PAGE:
I was started out at that .4 dosage. Currently I'm on 2G/KG/month. Most of us are somewhere in that range. It's really great that you're seeing so much improvement at such a low dose. You might consider discussing with your doctor getting a smaller dose more often, depending on how much decline you see between treatments. I'm not sure I would like to wait for the "vengeance" point.
It does sound like you tried a smaller dose once, and it had no effect. Something to think about, anyway. You might do some reading in the forum's IVIg topics.
My issue is that I have not experienced any improvement since I started IVIG. I know 30% of people don't respond but I also do not experience any different symptoms (worse or better) both right after my dose or as the weeks go by before my next dose. Fortunately nothing else has been affected yet. But my question is if its doing any good? There was a 8 month period (Sep, 2014 - Mar 2015) from when I was diagnosed with MMN but before I was able to start IVIG and my symptoms did not get any worse then either. I am thinking about either stopping IVIG for a bit or spreading out my treatment to 6 or even 8 weeks to see if my symptoms get worse. Maybe its not even helping or keeping it in check? I may just be one of the extremely fortunate ones with only one nerve affected and it may not be getting any worse with or without IVIG. I understand that it could potentially get worse and even if I go back on the iVIG, I may not get that loss back but I would be curious to know if anyone else has had a similar question/experience. Because MMN is so rare with so many unknowns, my doctor unfortunately doesn't have a definitive recommendation for me. I would welcome your feedback and thanks in advance.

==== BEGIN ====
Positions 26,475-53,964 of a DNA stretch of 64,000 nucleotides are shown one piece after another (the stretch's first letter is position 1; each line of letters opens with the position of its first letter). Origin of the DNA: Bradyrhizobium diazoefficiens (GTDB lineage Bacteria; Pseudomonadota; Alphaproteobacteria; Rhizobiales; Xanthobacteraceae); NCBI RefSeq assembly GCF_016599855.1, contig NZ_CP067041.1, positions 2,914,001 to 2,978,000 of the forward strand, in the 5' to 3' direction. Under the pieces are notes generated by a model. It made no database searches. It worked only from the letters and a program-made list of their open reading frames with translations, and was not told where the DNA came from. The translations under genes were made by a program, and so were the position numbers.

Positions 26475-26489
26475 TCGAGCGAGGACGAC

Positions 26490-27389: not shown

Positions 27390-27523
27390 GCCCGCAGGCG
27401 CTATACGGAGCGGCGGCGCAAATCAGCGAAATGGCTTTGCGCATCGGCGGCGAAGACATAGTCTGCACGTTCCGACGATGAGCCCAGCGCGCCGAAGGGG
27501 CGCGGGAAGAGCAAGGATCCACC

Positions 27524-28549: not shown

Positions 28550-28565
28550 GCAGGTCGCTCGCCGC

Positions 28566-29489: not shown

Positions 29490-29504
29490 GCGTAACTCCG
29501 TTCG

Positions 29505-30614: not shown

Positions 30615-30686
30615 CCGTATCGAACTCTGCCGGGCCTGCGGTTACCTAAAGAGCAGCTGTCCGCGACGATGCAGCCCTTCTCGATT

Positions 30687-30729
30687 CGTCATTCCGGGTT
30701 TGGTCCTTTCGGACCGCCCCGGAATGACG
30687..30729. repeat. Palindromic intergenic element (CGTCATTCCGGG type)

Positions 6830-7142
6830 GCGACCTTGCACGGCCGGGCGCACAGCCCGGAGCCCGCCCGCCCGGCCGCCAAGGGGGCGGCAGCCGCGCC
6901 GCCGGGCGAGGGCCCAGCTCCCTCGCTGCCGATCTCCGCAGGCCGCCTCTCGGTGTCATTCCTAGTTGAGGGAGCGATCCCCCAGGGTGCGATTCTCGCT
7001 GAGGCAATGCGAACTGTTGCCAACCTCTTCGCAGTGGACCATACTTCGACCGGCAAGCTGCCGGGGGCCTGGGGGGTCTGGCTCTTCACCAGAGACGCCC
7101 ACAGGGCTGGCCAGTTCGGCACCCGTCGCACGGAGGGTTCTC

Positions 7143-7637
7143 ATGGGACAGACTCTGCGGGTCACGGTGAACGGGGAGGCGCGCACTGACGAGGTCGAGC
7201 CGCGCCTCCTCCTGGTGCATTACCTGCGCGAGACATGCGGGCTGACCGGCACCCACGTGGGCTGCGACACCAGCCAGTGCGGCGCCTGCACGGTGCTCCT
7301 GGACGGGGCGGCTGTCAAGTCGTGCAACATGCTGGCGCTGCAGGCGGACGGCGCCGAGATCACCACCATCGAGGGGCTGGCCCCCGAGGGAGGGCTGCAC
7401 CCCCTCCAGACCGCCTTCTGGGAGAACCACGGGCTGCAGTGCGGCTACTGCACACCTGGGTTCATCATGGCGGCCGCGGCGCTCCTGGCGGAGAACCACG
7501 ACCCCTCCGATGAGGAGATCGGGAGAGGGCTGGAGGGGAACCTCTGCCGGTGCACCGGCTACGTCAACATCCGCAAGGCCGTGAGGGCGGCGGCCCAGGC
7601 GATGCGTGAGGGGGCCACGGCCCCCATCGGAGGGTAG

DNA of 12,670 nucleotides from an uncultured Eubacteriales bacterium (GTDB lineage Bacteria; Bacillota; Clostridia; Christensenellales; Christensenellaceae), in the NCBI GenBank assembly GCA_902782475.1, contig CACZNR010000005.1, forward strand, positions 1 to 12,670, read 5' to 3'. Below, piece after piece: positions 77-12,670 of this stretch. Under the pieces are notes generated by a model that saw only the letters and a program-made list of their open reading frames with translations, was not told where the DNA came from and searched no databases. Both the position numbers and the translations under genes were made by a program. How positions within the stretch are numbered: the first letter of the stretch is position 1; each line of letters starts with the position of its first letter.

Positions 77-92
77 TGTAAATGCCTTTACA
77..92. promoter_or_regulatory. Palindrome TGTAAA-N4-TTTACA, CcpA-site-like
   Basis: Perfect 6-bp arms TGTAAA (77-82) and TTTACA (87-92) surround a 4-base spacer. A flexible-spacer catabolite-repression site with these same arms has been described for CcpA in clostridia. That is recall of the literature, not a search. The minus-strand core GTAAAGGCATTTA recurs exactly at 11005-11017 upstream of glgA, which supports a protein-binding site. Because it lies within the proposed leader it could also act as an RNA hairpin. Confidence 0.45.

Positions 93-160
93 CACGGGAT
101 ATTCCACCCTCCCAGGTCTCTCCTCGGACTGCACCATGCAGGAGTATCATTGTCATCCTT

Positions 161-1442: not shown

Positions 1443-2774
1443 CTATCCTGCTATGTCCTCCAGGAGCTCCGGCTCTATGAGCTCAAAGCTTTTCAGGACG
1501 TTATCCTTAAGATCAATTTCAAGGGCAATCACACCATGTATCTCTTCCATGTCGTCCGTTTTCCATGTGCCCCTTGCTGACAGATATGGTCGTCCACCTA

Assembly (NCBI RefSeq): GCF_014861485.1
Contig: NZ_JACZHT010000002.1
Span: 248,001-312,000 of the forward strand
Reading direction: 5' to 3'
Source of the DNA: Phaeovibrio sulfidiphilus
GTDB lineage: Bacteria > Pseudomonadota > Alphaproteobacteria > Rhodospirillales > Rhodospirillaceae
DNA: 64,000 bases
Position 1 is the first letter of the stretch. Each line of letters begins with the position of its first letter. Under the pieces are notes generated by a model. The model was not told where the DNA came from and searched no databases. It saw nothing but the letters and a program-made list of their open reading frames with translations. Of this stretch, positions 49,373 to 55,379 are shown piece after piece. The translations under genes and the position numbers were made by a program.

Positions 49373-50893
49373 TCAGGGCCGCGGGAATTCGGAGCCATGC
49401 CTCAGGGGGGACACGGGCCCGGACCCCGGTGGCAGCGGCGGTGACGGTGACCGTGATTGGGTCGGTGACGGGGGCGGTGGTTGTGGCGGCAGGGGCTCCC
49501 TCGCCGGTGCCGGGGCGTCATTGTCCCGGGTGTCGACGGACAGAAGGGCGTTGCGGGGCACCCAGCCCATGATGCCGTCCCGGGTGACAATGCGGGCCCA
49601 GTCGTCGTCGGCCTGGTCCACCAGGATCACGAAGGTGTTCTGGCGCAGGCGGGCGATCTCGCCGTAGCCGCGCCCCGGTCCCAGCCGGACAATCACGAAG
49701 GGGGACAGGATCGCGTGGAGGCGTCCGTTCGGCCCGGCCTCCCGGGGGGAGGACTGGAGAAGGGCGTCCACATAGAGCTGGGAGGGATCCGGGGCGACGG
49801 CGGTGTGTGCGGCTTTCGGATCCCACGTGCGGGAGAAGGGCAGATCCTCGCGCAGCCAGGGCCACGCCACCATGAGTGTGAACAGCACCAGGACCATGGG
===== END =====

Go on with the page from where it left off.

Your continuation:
I'm in almost exactly the same boat. My neurologist insists that the treatments are slowing the progression. I was on IVIg for about eight months before I stopped dropping fingers. I do not know if the treatments had that effect. There is always the possibility that it did help. You have only been getting treatments for five months. You might give it a year before you try stopping. Progression can be so slow that it might take a while for you to notice. In five years, it's finally started spreading to my right hand.
I figure if I ever have trouble where my insurance won't cover treatments, then I will find out for sure!
I'm shocked at the number of people in the US reporting unnecessary surgeries. Those insurance companies are really not just stealing money, they are also damaging your health. So hope we will not come to this point in Europe. Sorry, it's a bit off-topic.
1. Do you have a demonstrable conduction block? Yes
2. Do you have elevated IgM antibodies? Yes, VERY HIGH anti GM1 - Ratio was 1:102,400 , normal titer is <1:800
3. How long have you been on IVIg? 4 years now